Handwritten Letters: Redux

I wanted to re-post my first post when I joined Women of Mystery in 2009. It remains one of my favorites. I hope you enjoy it!DSCN1543-1

It’s truly an honor and a privilege to be joining my fellow “Sisters in Crime” on the Women of Mystery blog. My heartfelt gratitude to the talented writers for inviting me along; I’m thrilled to be here.

Nearing the first anniversary of the death of their only son, I wrote a letter to a former coworker and his wife. A handwritten letter, not a typed one. I lost my 37 year old brother in 2001, and I know how it feels when anniversaries approach, especially that first one. The man who lost his talented clarinetist son in a tragic car ajpg_pancilhand-2ccident called me to say how touched they were. “No one writes handwritten letters anymore,” he said.

Afterward, I thought about some of the handwritten letters of my past.

In Mrs. Luciano’s fourth grade class at St. Patrick’s School in Huntington in 1970, we wrote letters to soldiers in Vietnam. Two soldiers responded, and I will never part with those letters.

jpg_correspondenceDuring my teen years, I had as many as fifty pen pals. I remember the most letters I ever received in one day — fourteen. Most of my pen pals were fellow Osmond Brothers fans. Kindred spirits find a way to be together, I guess. Besides, what kid doesn’t like to receive mail?

In the late 1970s, I chose “Ethnic Studies” as one of my electives at Huntington High School, specifically for the long-term project: a family tree. Upon learning that my mom knew little of her Irish roots, she suggested that I write to her Aunt Mary.jpg_tree-of-life-and-love

Aunt Mary’s five-page response sparked a flame that’s been burning for over two decades. Genealogy became a passion for me, as well as my mom and my Uncle Jimmy. Our obsession has taken us to Ireland, Pennsylvania, and New York City; to libraries, cemeteries, and genealogy research centers — and to think it all started with a letter. It’s amazing how much we still glean from Aunt Mary’s letter.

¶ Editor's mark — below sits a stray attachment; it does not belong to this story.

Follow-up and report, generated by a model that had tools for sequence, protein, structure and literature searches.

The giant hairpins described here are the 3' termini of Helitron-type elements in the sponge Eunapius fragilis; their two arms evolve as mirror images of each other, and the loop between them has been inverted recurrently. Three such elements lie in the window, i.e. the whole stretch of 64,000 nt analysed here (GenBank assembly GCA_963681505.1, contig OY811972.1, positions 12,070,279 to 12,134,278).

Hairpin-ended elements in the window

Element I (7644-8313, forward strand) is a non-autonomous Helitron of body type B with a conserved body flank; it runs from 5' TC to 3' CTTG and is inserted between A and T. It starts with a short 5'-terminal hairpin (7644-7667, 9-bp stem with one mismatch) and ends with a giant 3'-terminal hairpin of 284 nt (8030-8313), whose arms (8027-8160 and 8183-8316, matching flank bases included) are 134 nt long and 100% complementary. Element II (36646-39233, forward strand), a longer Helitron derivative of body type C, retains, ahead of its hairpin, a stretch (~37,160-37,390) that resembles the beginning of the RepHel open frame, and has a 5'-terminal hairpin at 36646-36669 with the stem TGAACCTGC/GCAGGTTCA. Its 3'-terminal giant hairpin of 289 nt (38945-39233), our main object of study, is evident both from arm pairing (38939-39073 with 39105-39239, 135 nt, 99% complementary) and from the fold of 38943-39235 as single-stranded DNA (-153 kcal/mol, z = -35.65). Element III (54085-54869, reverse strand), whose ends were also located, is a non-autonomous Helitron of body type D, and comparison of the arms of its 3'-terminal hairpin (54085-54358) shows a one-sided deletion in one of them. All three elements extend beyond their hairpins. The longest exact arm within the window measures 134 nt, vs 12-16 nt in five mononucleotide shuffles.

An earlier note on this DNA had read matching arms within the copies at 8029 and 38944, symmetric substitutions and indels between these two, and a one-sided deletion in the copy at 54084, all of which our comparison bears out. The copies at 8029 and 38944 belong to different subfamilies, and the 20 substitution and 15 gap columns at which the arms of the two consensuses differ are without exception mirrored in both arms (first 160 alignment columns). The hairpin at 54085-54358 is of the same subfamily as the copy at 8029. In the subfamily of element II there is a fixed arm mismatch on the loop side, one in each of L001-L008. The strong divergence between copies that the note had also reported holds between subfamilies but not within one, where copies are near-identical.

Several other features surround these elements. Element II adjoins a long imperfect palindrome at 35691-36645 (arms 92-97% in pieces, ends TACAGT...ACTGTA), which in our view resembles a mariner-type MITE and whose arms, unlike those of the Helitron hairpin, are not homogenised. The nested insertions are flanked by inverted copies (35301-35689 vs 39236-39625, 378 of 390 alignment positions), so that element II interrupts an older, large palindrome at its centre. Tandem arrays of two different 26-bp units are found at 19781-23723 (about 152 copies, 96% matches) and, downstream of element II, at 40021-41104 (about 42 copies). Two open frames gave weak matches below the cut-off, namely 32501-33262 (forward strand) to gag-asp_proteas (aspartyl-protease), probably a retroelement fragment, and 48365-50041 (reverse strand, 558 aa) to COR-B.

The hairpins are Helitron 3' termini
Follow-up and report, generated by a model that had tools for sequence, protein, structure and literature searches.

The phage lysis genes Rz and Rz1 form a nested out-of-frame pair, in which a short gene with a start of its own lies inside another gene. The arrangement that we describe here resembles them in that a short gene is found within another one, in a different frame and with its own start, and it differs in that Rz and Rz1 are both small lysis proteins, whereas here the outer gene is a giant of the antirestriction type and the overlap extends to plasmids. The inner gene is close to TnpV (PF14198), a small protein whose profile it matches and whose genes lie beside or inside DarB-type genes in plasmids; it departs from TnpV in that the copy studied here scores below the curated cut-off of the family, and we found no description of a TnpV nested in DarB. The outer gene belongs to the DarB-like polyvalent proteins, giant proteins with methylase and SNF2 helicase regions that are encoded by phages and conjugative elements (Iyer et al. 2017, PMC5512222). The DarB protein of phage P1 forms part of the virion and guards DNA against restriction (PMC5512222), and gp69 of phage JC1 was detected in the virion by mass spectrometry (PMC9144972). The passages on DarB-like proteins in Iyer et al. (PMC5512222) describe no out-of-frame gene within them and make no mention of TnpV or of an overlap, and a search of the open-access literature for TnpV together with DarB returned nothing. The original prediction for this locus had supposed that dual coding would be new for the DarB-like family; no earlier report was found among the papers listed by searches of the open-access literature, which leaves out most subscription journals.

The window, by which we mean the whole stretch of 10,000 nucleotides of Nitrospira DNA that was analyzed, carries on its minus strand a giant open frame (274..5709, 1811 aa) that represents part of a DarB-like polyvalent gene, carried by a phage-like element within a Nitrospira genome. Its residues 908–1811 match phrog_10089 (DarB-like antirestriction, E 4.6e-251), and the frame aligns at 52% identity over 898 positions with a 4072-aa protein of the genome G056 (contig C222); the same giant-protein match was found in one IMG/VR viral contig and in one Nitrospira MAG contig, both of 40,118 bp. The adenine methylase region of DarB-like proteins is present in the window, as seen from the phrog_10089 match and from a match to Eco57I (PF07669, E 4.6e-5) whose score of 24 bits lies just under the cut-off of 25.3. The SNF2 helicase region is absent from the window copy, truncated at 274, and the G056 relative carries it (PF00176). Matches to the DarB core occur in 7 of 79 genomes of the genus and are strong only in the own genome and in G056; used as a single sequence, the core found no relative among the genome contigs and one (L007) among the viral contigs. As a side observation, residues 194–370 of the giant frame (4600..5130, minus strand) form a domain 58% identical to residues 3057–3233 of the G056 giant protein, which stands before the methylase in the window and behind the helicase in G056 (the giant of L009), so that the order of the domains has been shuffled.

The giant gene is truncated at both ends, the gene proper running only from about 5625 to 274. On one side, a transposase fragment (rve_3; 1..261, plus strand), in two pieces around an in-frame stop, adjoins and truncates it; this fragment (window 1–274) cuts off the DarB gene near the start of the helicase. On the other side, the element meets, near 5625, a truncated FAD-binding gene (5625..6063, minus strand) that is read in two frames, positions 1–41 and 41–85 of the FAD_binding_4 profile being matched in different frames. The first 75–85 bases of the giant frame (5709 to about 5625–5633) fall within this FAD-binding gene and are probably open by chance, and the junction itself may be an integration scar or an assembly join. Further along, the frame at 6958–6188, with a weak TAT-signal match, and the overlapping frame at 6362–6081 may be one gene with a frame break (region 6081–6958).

In 1979, I wrote a letter to Andy Gibb asking him to take me to my prom. I never heard back; I guess he just didn’t want to be my everything.

My mom wrote to her Aunt Gert in 1980 in search of family photos. Aunt Gert wrote back to say that she had packed the photos away, “in a rare fit of domestic activity,” and wasn’t sure where they were.

Gert remarked, “I know one of these days they’ll come to light (like the Dead Sea Scrolls, Tut-Ank-Amen’s Tomb, Veronica’s Veil and Howard Hughes’ will), but at the moment I think it would take the combined efforts of the FBI, Scotland Yard and Interpol to give me the faintest clue. I know the day will come when suddenly my hand will touch a crumbling cardboard box and upon opening it and seeing the contents, I’ll stagger back and shriek, ‘Eureka!’, rush to the phone and dial your number and say, ‘It’s all yours, baby, come and get it.’ Until then, darling, bear with me, I beseech you.”

She could have written, “I’m not sure where they are, but when I find them, I’ll let you know,” but I’m so glad she didn’t. Aunt Gert’s letter is a gem.

Do you still write handwritten letters? Are there certain letters from your past that you won’t part with? Is it a lost art?
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8 thoughts on “Handwritten Letters: Redux

  1. Touching, Kathie. Thanks for the reposting.

    It’s been a pleasure and an honor to be among the writers of Women of Mystery.

    • I miss her tremendously. She was a court stenographer, and I believe part of her ability to write came with the working with words that she did each and every day, and of course, the Irish humor many of my relatives possess.

  2. Kathy, love the post. It’s obvious you inherited the writing gene from your Aunt Gert. Also obvious that Andy Gibb doesn’t know what he missed.

  3. Thank you kindly, Anita :-) I wish I could write humor like she did ~ but she did it without effort; this was her letter of reply to my mom, and it’s how she answered it! Hysterical! And thank you for your lovely Andy Gibb remark, too!

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